Homeschool parents might make themselves feel better (in the short term) by harping on the failures of public-schooled youth. But this attitude doesn’t exactly help out their OWN kids, when the latter have to (eventually) join the real world.

  • Nea

    Unless they don’t join the real world. The Pearl children are undeniable judgmental snobs just like their parents. They’re also isolated, disconnected, poor, and trapped.

  • Astrin Ymris

    But what other path does she know? Without making a strong, conscious effort, most of us parent our kids in the same way we ourselves were parented.

  • Independent Thinker

    I made a conscious decision not to raise my child the way I was raised so for me it is hard to sympathize. I could have got married at 19 like the church wanted me to, had babies, spanked my children, and shunned furthering my education but I choose not to. My parents never paid a penny of my college. I worked my way thru school. I waited to have kids. I read every quality parenting book I could get my hands on and those written by actual doctors. I make a concerted effort each day to put my family on the right path. My two sisters did not make the same decisions I did. I can tell you the results are not pretty.

  • “Kids are not wise. They do yet understand the consequences of wrong choices. ”

    You know how you fix that? By letting them make wrong choices when they’re young and teaching them how to fix whatever they did. They’re called “teachable moments.”

    “The quickest way to throw your children away is to enroll them in daycare or preschool or first grade. You lose all control over their friends, and they will become part of the social pool, eventually reduced to the lowest common denominator.”

    And this is how I know Mr. Pearl either: 1) doesn’t actually pay attention to his kids’ personalities; or 2) “trains” their personalities out of them. I’m going to guess #2. My oldest daughter is definitely the type to get swept along in the social tide, so this quote actually applies to her. Except the “throwing your children away” part. It’s because of daycare that my oldest is potty-trained – she saw her friends the older girls use the potty so she decided to be one of the “cool kids” too.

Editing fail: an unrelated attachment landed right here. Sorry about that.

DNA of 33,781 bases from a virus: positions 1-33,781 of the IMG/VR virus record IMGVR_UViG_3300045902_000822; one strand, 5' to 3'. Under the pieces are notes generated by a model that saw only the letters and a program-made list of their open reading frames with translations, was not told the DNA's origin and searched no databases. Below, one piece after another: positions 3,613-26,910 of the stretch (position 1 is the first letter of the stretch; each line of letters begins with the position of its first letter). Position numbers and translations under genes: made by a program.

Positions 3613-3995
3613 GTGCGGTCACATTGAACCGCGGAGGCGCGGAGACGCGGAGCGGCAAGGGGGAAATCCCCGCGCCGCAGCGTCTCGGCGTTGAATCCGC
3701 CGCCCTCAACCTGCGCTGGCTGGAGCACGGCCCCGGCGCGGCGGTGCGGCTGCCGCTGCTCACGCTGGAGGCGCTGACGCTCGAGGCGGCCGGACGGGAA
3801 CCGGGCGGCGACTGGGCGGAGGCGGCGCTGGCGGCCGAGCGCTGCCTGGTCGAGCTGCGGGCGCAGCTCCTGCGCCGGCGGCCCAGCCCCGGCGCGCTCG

My younger daughter, on the other hand, is her own brand of trailblazer. She is very much the leader and trendsetter in her group, and she is very consciencious about following the rules and doing the right thing.

    “They shouldn’t have the burden of constantly choosing or eliminating people from their acquaintance.”

    I 100% agree with this sentence, but not with Mr. Pearl’s intent behind it. I don’t think they should have the “burden” because it shouldn’t be such a big deal to form relationships.

    “Find a social circle that is righteous and productive where you have nothing to fear from 25 of the teenagers getting together to play soccer or go roller skating together.”

    Here’s a clue: if a group of teenagers get together of their own accord and “play soccer” or “go roller skating,” they’re a pretty righteous bunch and you should be glad your kid has such a positive group to hang with.

  • tulips

    Which is no reason of course…to consider delaying making binding contracts like marriage …until both parties have reached neurological maturity. They can’t pick a friend to roller skate with, but a few short years and no experience later they can pick a spouse. (eye roll)

  • Yep. It is straight from “cannot choose to drink a milkshake in broad daylight with another teen girl” to “daddy approves of this man. Say yes or no to marrying him. No, you cannot spend any time alone with him before saying yes or no.”

    (Someone like Vaughn Ohlman, of course, will “solve” the problem by saying that they don’t need to be capable of decision-making at marriage, as the parents could decide for them.)

  • But how well is daddy going to respond if daughter says, “No, I don’t want to marry this man you picked for me”? I think he’s most likely to tell her she’s “in rebellion.”

  • Astrin Ymris

    I applaud you for your grit and initiative! ;-D

    At the same time, we don’t know precisely how Rebekah Pearl’s childhood of abuse interacted with her innate temperament, or what mitigating influences she did or didn’t have. There are a lot of factors involved in whether a victim transcends– or doesn’t– the trauma they’ve experienced growing up.